Usually, a computer program does the comparison, but that works best if the before-and-after pictures are taken at the same time of day. For this search, many of the images were taken at different times, and the difference in shadows confused the algorithm.
With all the false positives, “we just sat down and had several people manually going through the millions of pixels,” Robinson said.
Alexander Sonke, a senior in Arizona State’s geological sciences department, contributed to the effort. He estimated that he had spent about 50 hours over several weeks performing the tedious task.
Sonke graduated in May. He got married. He went on his honeymoon. A week and a half ago was his first day back at work — he is about to embark on his graduate school studies with Robinson as his adviser — and he resumed the search for the impact site.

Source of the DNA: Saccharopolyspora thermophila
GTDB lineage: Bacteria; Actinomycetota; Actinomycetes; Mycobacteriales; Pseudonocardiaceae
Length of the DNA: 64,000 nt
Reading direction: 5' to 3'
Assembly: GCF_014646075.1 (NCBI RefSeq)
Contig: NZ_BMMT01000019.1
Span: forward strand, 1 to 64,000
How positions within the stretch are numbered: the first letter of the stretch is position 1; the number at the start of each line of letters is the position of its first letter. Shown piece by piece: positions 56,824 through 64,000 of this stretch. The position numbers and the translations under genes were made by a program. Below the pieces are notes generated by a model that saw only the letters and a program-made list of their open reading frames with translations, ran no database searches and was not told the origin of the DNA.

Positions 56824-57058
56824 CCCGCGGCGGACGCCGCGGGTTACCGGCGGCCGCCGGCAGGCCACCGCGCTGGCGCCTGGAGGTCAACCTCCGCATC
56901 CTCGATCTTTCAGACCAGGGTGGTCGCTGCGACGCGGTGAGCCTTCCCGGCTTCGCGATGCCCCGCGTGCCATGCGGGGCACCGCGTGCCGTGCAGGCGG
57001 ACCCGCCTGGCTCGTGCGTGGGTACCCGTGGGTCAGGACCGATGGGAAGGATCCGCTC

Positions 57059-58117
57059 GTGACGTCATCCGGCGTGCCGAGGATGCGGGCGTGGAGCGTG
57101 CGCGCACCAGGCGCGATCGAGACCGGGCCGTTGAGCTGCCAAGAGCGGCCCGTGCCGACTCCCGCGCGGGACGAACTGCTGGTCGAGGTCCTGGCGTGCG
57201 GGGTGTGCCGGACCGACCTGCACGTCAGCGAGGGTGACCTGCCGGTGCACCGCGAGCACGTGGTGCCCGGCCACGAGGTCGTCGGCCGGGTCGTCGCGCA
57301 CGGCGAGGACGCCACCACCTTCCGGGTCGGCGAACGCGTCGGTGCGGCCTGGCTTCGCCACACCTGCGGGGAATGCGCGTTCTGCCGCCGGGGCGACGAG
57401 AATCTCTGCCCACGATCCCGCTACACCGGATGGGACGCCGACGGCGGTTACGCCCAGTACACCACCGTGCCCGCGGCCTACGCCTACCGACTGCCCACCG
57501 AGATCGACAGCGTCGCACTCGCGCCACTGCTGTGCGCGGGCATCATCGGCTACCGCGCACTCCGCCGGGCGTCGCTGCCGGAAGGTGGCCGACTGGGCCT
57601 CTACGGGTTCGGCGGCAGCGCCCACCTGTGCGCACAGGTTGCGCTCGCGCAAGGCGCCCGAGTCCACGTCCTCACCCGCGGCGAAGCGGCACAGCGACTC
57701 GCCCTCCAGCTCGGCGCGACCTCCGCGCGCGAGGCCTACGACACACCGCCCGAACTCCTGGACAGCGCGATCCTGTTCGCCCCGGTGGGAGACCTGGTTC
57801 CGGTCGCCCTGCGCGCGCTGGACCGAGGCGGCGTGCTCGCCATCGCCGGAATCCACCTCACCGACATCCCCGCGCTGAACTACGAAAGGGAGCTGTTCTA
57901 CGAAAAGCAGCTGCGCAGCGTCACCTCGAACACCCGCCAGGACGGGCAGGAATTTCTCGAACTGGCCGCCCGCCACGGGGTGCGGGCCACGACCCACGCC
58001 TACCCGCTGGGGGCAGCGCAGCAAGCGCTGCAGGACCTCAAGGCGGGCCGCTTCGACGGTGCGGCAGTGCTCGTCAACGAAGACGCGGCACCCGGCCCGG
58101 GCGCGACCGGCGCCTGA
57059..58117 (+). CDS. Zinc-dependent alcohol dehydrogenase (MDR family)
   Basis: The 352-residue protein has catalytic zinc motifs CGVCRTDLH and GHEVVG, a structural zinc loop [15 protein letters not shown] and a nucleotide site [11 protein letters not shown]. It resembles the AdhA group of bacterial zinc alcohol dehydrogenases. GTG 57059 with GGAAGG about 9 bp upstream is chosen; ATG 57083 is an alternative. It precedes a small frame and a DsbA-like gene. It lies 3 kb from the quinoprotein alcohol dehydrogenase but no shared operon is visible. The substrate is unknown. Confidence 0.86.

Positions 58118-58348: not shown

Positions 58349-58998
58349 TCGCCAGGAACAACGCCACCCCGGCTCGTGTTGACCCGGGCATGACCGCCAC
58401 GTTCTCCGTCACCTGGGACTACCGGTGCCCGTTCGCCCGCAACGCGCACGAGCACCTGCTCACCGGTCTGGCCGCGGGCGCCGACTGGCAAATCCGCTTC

He found it.
Sonke said he had seen “a group of pixels that looked significantly different in brightness” as the before-and-after images blinked back and forth.
“I was pretty confident when I saw it that this was a new geologic feature,” Sonke said. “I certainly jumped out of my seat a little, had a feeling that this was definitely it, and then tried to kind of restrain my excitement.”
The eastern crater, about 20 yards in diameter, is superimposed on the slightly smaller western one, which most likely formed a few thousandths of a second before the eastern one, Robinson said.
This is not the first time a spacecraft part has hit the moon. For example, pieces of the Saturn 5 rockets that took astronauts to the moon in the 1970s also carved craters. But none of those impacts created a double crater.
The reason this one did might point to its mystery identity. The October 2014 Chinese mission carried the Chang’e-5 T1 spacecraft, a precursor for another mission, Chang’e-5, which landed on the moon and brought rock samples back to Earth.